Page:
Benny Loves You Movie Review
Written by Sean M. Sanford
Released by DREAD
Written and directed by Karl Holt
2019, 94 minutes, Not Rated
Released on May 7th, 2021
Karl Holt as Jack
Claire Cartwright as Dawn
George Collie as Richard
Jack and Benny have a complicated relationship. One that reeks of trials, tribulations, murder, and plush…oh yeah, Benny’s a stuffed toy, so there’s that. And like most stuffed toys, Benny doesn’t like to be neglected. Unlike most stuffed toys, Benny’ll shank a fool.
Meet Jack (played by writer/director Karl Holt), a gentleman in his mid-30s who hosts a slew of issues that have run him askance since childhood. Jack lives with his parents, in his old bedroom, and is entrenched in his childhood toys. Jack’s stagnation funnels even to his profession, where he works at a toy company helping create prototypes for the next league of playthings. And also where he gets severely dicked around by his alleged superiors.
Ever since he was small child, Jack has had Benny, a cherished stuffed eccentric who would guard Jack from all of life’s ghosts and monsters. Thing is though, Benny has also guarded Jack from a social life and your classic structure of adulthood. Which has festered in quiet desperation within the cobwebs of his psyche.
Until tragedy strikes, and he’s urged to reassess his life’s droll confines.
Now he has been faced with the hard-lined truth that he might be too damn old for his toys, placing Benny in a mausoleum beside all that Jack deems better resting in peace – in the depths of his closet. As I already alluded to, Benny ain’t having that shit. He responds by coming alive and ruthlessly slaughtering those who he feels are too close to Jack. Soundtracking the mayhem are his own assurances that “Benny loves you,” amongst other misleadingly friendly quips.
Benny Loves You does a great job of illustrating the ways that life can sometimes provide just enough assumed desires to inspire stagnation. When Jack was a boy he felt it necessary to believe that Benny would solve any and all of his problems, making it painfully clear that Benny was all Jack would ever need in a companion. I can see how such a relationship would be tempting. Can you imagine? A friend who seems so perfect when you’re a child that you feel like you’re done looking for any other friends? I mean, I’m lucky I never met a life-sized Raphael when I was a kid. I’m talking about the Ninja Turtle of course, not the Renaissance painter. Or, I dunno, maybe a merging of the two… Point is, if said Renaissance Avenging Reptile started killing anyone who tried to get close to me, well I feel I might be forced to severely reconsider our relationship. Especially if I was a grownup.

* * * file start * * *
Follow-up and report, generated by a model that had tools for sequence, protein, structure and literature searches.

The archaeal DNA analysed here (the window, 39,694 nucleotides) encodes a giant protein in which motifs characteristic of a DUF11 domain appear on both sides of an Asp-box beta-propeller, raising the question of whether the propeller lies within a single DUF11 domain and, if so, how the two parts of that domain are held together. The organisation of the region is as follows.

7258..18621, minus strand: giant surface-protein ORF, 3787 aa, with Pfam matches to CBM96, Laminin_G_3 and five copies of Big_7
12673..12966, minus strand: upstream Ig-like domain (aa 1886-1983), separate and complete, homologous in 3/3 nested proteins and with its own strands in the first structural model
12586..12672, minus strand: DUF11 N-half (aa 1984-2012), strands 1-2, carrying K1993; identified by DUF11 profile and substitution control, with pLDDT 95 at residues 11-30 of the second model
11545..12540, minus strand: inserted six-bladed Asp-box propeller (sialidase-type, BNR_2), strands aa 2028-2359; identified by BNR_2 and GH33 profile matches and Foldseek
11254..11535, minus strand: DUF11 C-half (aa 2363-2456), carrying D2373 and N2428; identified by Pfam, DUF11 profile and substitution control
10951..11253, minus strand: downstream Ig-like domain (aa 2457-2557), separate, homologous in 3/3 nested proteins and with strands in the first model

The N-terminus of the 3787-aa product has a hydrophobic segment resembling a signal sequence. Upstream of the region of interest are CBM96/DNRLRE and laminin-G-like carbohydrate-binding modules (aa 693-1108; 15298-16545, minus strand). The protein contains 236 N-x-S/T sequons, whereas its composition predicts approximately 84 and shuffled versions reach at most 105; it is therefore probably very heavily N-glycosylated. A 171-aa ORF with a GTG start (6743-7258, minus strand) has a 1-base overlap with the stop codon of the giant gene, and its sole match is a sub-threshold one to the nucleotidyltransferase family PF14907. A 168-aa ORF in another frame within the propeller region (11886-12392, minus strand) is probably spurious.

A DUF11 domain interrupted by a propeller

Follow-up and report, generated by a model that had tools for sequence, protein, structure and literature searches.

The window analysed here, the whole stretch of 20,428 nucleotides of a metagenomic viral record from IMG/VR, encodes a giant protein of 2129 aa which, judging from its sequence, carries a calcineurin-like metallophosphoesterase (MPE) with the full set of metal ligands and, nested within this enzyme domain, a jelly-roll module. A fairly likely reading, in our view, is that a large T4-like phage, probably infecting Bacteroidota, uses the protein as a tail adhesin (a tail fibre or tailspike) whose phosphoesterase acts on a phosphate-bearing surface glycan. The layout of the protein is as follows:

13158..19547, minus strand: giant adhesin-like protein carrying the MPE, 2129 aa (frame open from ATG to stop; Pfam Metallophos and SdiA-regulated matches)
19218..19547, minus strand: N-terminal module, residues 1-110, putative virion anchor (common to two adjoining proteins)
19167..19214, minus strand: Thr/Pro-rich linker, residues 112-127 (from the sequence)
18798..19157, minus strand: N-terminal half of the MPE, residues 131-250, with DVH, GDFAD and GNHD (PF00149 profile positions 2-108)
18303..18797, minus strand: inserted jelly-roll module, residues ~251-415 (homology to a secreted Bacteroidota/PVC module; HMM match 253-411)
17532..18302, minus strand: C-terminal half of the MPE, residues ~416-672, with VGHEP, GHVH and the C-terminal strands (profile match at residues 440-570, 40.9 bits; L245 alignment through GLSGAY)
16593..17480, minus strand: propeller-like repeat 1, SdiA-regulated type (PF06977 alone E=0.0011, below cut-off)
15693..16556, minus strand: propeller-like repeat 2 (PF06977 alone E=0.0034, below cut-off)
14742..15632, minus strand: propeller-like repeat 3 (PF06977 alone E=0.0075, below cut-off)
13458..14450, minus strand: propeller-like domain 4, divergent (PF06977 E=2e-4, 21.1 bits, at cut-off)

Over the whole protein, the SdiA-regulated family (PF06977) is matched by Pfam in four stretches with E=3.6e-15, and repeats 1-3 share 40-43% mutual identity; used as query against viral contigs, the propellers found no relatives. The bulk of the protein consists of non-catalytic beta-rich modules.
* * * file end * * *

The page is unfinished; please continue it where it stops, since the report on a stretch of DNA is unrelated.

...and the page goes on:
The movie does a wonderful job exhibiting the transition into a delayed adulthood. Karl Holt brings the perfect strain of comedy to such a daycare-macabre. He and the rest of the cast provide a unique tinge to the comedy-horror trope, in that as omnipresent as the humor is, it also brings an even more unsettling hue to the darkness, which gives each of the characters a sort of charming desperation.
The film also takes on the idea that Jack might not be alone with his brand of Benny-ism. Toys in general come to represent a figment of childhood, but even more so, something to hold at arm’s length. And also, something to be sure to not pair with sharp objects. As some wisps of youth have a tendency to slit your damn throat.
Oh, don’t act like you’re surprised.
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